2021 by the numbers:
Jacqueline Hayre-Pérez ’21 does not know exactly what she wants to do after graduation, but says her “secret ambition” is to be a judge on the International Criminal Court.
“Social justice is very prominent in my life and in the areas I am looking to study, including Middle Eastern studies, political science and religious studies,” she said. “I want to be able to work in a job that actually promotes social justice in a real, objective and tangible way.”
Similarly, many other members of the class of 2021 have visions — albeit to varying degrees of specificity — of what they want their lives to look like after graduation.
A News survey distributed to the class of 2021 earlier this summer asked the incoming first-years about their post-graduation prognostications. One thousand, two hundred and sixty-seven members of the class responded, yielding a response rate of 80 percent. The results were not adjusted for selection bias.
When asked about their intended career or industry, 20 percent of respondents said they were not at all sure of their future plans, and 28 percent said they were deciding between several options. Still, 38 percent said they were somewhat sure of what they want to do, with 13 percent indicating they are very sure.
Sarah Sotomayor ’21, for example, knows that after graduation, she wants to pursue a doctorate in neuroscience and study the effects of music on the brain. Willow Sylvester ’21 has also outlined her dream career trajectory, from United Nations fieldworker to translator to diplomat.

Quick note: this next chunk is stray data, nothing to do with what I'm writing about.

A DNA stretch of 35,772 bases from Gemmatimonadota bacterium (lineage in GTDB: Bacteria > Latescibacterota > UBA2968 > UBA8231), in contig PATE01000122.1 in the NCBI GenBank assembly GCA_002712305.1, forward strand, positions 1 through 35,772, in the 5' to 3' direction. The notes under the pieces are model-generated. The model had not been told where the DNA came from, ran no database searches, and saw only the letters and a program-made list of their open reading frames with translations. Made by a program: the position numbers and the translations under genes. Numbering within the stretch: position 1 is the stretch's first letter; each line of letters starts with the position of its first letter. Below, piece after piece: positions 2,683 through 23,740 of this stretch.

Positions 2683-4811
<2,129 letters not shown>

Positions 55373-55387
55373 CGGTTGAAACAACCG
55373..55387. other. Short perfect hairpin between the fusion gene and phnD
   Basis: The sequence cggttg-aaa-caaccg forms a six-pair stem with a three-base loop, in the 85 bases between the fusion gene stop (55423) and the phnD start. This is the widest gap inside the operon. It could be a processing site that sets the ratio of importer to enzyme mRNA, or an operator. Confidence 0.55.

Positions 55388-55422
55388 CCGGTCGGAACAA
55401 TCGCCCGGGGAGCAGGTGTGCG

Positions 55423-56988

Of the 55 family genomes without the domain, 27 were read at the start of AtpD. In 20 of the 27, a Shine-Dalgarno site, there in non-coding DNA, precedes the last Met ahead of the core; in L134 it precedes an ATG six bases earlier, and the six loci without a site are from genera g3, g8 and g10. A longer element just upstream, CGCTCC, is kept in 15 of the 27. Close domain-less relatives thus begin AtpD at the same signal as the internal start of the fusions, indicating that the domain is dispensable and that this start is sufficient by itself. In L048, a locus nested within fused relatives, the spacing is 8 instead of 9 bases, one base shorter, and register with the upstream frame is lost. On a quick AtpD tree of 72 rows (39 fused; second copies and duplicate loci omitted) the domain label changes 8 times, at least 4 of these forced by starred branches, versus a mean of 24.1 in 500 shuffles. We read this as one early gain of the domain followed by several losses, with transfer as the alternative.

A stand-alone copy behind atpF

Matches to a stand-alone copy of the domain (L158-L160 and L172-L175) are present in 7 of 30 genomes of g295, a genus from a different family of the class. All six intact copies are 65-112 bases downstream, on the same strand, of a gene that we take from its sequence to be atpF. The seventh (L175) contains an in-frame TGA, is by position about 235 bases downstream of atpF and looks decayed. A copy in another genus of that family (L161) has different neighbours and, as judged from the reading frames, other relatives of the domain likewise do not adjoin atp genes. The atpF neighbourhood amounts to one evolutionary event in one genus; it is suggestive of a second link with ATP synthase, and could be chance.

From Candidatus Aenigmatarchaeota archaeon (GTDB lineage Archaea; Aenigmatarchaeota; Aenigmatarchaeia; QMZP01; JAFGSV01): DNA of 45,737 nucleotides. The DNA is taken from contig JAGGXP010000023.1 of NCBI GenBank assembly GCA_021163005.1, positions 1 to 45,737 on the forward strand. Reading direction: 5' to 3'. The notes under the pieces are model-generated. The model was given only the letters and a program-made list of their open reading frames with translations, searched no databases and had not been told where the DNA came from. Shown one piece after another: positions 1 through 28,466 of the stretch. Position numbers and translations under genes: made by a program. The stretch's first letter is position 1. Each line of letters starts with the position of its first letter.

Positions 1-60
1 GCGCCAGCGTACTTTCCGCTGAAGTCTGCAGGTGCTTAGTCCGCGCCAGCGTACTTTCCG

“I know exactly what I want to do and why I want to do it,” said Sylvester, whose future plans were sparked by her exchange program experience in high school. “I want to help build empathy throughout the world so other cultures can understand each other.”
But more than half of respondents were less confident, as 53 percent of students said they were not sure whether they would still be working in the same industry 10 years after graduation.
Students were also asked to select the field they were most interested in pursuing after graduation. The most popular options were graduate school, medical school, law school, business or finance. Students also expressed interest in government or public service, consulting, the arts, communications and journalism, nonprofit work and education.
“I would love a job where I could either travel constantly or a job that brings the international community and international affairs to my workplace and my day-to-day life,” said Hayre-Pérez, who is from Boston.
When asked where they expected to live after college, the majority of respondents — 68 percent — indicated that they wished to stay in the Northeast, despite the fact that only 36 percent are originally from the region. Eighteen percent said they anticipated moving to the West Coast, and 12 percent said outside of the country.
For others, the destination was less important than the journey.
“If I could have one hope about my time at Yale at beyond, it’s that I hope to be proud,” Brendan Campbell ’21 said. “I want to be proud of the psets I’ve crushed, the fun I’ve had, the risks I’ve taken and the many miles I will have walked from Murray to Old Campus. But above all else, I want to be proud of who I am as a person.”